By Michael Goldstein
By Dennis Romero
By Sarah Fenske
By Matthew Mullins
By Patrick Range McDonald
By LA Weekly
By Dennis Romero
By Simone Wilson
Where is Joel Wachs on the latest CRA giveaway?
This time last year, the San Fernando Valley councilman (looking very much like a future mayoral prospect) was riding herd on the city's redevelopment agency to protect the $TK million public investment in the new downtown sports arena. And with the Times riding shotgun on the issue, Wachs managed to secure "guarantees" from developers and squeeze out a reasonably good deal for the city.
Certainly a better deal than the city seems to be getting in the latest CRA mega-project to come down the pike - a $395 million tourist trap at the corner of Hollywood and Highland boulevards, developed by TrizecHahn Development Co. of San Diego. Two weeks ago the CRA voted to commit $90 million in direct city financing for the project - plus untold millions more in land giveaways and the like - to build a 3,000-car parking garage and a state-of-the-art live-broadcast theater to host the Academy Awards.
Despite the CRA's abysmal track record in Hollywood, where tens of millions in public money has been poured into white-elephant projects like the near-abandoned Hollywood Galaxy mall, just down the boulevard, and despite the city's equally abysmal track record in building live theaters (remember the Los Angeles Theater Center - over $30 million in the hole and bankrupt after four years?), the Hollywood-and-Highland project has been sailing toward approval with minimal scrutiny - and, so far, minimal guarantees that the city will ever recoup its investment. For instance, what if the Academy Theater loses money for the 51 weeks a year it is not hosting Oscar? And what about the escape clauses that let the Academy bolt from its Hollywood digs after 10 years?
Wachs, according to an aide in his office, has begun taking a look at these and many other questions concerning the TrizecHahn deal. And in the past few days, the Times has been calling the councilman to see where he stands on the issue. Stay tuned.
PUC's $89 million ad flopYou've seen the ads: the one where the pilot steers his Hawaii-bound jumbo jet to Alaska, or where the rocket scientist turns away from his monitor just as the Mars explorer beams back images of life on the red planet. They're goofy. A bit off-kilter. Developed by D.D.B. Needham, they are part of the $89 million campaign the state Public Utilities Commission has been running since the first of the month to let us know about the "new choices" in California's electricity industry.
We note these "choices" with some skepticism because, of the new electricity providers "competing" in California's deregulated "free market," none is able to offer what it seems consumers want most - lower prices.
That's because, as Greg Goldin detailed in a Weekly cover story a few months ago, no matter who you buy power from, the largest portion of your electricity bill will continue to go toward paying off the ill-conceived, unwanted multibillion-dollar investments in nuclear reactors made by SoCal Edison, Pacific Gas and Electric, and San Diego Gas and Electric.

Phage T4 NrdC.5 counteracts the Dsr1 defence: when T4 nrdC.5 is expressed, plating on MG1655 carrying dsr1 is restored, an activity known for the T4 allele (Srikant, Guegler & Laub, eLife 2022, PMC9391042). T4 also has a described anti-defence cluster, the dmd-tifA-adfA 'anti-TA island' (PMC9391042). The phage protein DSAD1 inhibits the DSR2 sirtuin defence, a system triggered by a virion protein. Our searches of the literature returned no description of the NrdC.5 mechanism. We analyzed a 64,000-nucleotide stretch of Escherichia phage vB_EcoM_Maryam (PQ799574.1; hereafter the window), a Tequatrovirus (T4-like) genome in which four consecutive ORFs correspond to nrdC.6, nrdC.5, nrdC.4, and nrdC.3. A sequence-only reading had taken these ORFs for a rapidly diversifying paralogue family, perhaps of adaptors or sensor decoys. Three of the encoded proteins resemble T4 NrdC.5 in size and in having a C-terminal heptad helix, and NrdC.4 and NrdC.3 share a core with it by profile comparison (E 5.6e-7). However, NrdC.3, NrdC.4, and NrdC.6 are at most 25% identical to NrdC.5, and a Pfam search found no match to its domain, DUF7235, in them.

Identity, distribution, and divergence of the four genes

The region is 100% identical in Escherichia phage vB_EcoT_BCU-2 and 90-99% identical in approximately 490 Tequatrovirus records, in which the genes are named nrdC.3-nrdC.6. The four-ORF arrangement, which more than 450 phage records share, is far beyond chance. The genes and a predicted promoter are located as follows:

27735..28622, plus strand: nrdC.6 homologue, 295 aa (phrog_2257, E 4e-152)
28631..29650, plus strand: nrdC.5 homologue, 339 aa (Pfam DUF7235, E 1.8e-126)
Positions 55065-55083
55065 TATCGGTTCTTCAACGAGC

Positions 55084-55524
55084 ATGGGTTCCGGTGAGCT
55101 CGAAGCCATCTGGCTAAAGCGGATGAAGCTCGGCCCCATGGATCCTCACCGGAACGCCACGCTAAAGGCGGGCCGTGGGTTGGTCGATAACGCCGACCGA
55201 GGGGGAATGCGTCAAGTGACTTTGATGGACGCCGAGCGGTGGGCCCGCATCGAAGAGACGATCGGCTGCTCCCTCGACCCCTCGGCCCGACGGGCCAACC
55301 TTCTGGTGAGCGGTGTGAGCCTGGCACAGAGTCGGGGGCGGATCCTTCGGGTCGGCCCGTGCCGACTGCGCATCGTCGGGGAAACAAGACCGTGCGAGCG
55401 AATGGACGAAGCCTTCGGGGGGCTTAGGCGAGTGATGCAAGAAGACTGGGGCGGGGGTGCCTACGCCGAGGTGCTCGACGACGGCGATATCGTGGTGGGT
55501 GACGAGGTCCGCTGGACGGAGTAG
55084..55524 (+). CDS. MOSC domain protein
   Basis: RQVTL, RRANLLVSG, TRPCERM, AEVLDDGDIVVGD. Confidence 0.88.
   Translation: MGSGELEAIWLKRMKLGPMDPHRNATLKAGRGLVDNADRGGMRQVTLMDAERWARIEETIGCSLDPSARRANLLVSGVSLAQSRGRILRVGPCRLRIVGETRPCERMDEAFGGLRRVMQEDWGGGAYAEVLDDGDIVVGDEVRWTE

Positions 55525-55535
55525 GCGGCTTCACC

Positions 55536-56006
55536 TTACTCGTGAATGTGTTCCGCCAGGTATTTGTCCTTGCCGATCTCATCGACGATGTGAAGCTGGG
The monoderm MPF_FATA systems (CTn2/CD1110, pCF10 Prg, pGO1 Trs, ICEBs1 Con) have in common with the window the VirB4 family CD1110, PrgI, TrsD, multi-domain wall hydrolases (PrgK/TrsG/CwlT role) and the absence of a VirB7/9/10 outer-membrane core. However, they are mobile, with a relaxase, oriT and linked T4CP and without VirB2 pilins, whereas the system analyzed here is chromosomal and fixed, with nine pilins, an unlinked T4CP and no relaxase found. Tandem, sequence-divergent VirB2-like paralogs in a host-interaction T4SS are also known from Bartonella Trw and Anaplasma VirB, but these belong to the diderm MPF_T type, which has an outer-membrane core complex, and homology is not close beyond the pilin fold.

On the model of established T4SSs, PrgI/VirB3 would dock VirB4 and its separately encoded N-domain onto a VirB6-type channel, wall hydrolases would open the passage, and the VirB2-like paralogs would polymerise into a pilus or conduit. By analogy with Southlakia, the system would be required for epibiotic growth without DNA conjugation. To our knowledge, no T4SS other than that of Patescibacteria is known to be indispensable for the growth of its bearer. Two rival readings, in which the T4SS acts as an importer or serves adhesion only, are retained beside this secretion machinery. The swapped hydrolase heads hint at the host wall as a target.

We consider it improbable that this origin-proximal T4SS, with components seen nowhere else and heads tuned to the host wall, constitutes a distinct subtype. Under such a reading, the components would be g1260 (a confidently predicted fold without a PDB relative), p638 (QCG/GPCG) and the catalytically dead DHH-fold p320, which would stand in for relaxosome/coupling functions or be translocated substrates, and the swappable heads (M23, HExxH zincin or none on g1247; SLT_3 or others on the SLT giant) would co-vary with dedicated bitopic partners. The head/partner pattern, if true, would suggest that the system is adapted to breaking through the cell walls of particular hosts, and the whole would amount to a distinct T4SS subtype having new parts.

No surprise, then, that that saturation marketing campaign - which costs four times what the state is shelling out to discourage smoking - has been a flop. To date, fewer than 1 percent of the state's 10 million power users (that's less than 100,000, if you're counting) have switched to new providers. And the only company willing to go head to head with the Big Three, a Texas utility giant called Enron, has pulled out of the market for the time being, despite having spent over $5 million trying to woo new residential customers.
So what have consumers gotten out of the ad campaign, other than the occasional 30-second laugh? A bill. Yes, the PUC is making you pick up the tab, right there in your monthly electricity statement, for informing you about something, it seems, you don't even want. Ain't the free market grand?
All Talked OutRemember "right-wing hate radio?" As a showcase for crazy white folks and an object of comment for the politico-pundit class, the genre some time ago lost its mantle to Jerry Springer and company. But be assured that in the small hours of the Los Angeles night, the rant goes on.
There is an ugly little lawsuit in the works, filed by a longtime listener against local talk-radio host Peter Ford, whose show airs TK evenings on KIEV TK. You know Ford's show even if you haven't heard him. We're told he's a big hit with Voice of Citizens Together, a wannabe militia from the Valley that fields "patriot patrols" along the border to defend against an invasion by Mexico, said to be imminent.
This kind of discourse apparently proved irresistible to John Birke, a former democratic State assembly candidate who became a regular caller on the show during the 1996 election season. Birke played the role of left-wing whipping boy, referred to on-air as "John the Commie." It was all good, clean, mutual hate, Birke says, until Ford stepped over the line and accused him, among other things, of having a prediliction for beating up young boys - Birke scuffled with Ford's son at a VCT rally in Westwood that turned ugly - and having multiple lewd-conduct priors when, as the record clearly shows, Birke has only one such conviction, for soliciting prostitution in 1994.
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